Sheila and the Honourable Member 1.


Now’s a good time to republish this sequence of poems about a Member of Parliament, his wife Sheila, and the other woman, the lady with purple carpets. I wrote them 40 years ago, swept up in the second wave of feminism. Today the power imbalance between the genders in the stressful environment of parliament has changed … not much. 

This is me, Sheila, talking

this is me (Sheila) talking
I have seen fingers
crack in the ring
like girdle scones

this is me (Sheila) here
this is me this is me
I have seen women settle like
junket, I have seen water curdle

listen this is me
this is Sheila this is me
I am a person
who knows things

I have a small brown voice
here it is in my handbag
south southwest southeast
little voice is restless

these are my hands the skin
is lifting drifting freckling
covers the blood lumping
inside the bones are grinding
these are my hands crackling

I am not ready to die

listen to me it is always
nearly too late
this is me (Sheila) talking
this is me

Rachel McAlpine 1977

If you appreciate these rip-roaring, pretty vulgar poems, please share.

Photo of an older woman's hands
Our hands talk. Let our voices also speak.

Sheila and the Honourable Member 2.


Old poems, never more relevant than today #MeToo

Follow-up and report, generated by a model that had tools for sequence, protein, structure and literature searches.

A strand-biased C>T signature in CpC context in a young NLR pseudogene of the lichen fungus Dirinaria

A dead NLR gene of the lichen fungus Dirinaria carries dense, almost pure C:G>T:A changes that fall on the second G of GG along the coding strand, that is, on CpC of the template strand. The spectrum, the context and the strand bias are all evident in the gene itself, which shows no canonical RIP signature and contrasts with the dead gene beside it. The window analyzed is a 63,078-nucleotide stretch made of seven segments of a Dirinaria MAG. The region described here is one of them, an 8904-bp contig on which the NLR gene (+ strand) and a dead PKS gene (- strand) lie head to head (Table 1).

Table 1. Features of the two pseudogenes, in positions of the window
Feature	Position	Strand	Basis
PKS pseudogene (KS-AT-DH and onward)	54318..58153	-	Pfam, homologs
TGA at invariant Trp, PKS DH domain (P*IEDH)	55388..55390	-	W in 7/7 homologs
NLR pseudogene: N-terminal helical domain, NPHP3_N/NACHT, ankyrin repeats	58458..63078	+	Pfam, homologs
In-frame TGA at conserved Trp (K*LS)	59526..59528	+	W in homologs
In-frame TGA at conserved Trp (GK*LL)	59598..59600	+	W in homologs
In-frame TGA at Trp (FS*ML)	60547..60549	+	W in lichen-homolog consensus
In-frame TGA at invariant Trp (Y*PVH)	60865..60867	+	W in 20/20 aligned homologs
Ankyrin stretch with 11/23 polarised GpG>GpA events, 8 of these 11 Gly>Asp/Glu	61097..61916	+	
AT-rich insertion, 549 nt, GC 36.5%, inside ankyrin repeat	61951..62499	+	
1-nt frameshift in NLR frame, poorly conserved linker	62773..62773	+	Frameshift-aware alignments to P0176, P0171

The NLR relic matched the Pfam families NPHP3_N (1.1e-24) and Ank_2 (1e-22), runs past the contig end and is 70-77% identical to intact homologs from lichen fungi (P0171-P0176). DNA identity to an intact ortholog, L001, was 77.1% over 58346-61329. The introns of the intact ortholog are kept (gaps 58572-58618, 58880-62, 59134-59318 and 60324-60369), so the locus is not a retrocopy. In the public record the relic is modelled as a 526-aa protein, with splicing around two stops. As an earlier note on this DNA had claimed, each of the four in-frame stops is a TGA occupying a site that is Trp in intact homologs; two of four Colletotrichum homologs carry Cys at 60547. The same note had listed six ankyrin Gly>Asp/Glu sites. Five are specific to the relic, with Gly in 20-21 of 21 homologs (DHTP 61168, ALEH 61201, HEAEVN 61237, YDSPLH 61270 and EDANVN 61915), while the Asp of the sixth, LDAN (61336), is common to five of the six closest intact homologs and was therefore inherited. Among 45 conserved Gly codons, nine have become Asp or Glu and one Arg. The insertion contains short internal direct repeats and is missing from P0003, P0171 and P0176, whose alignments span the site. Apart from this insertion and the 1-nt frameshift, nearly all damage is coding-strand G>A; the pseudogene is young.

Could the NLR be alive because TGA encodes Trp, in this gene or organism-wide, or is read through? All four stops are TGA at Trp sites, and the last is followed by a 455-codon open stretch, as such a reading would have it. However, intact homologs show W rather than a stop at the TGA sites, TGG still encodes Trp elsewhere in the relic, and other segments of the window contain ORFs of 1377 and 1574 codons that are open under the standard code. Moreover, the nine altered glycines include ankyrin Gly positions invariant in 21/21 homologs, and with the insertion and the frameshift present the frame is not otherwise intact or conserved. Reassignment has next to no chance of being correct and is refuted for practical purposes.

Who’s Who?

does the honourable Member remember a night
when he wanted to lie outside?
he was drunk of course but still

sometimes I enter a hole in my
belly head first

does he remember the time before I slipped
out of the second person the time
when any time was question time in the house?

we are married but we live de facto
I am a habit and a fact I know
I am dull but I seem to be stuck

I am glad he has found the lady with purple carpets
the metropolitan lady who knows who is who
and who is nobody at all she

is never mentioned but I know
for every public man there is a lady
with purple carpets or a parade

I am sad for her lonely weekends
I would like to say I am not greedy
I have learned to share

he has filed her Tuesday to Thursday
I am Happy Weekend Wife
Backbone of the Nation

voice in the belly has no bones
did I say that already?
I know I am dull

Rachel McAlpine (1978)

This is the second poem from an old sequence, Sheila and the Honourable Member. They are totally relevant in the era of #MeToo. I wish that wasn’t true.

The first poem is THIS IS ME, SHEILA, TALKING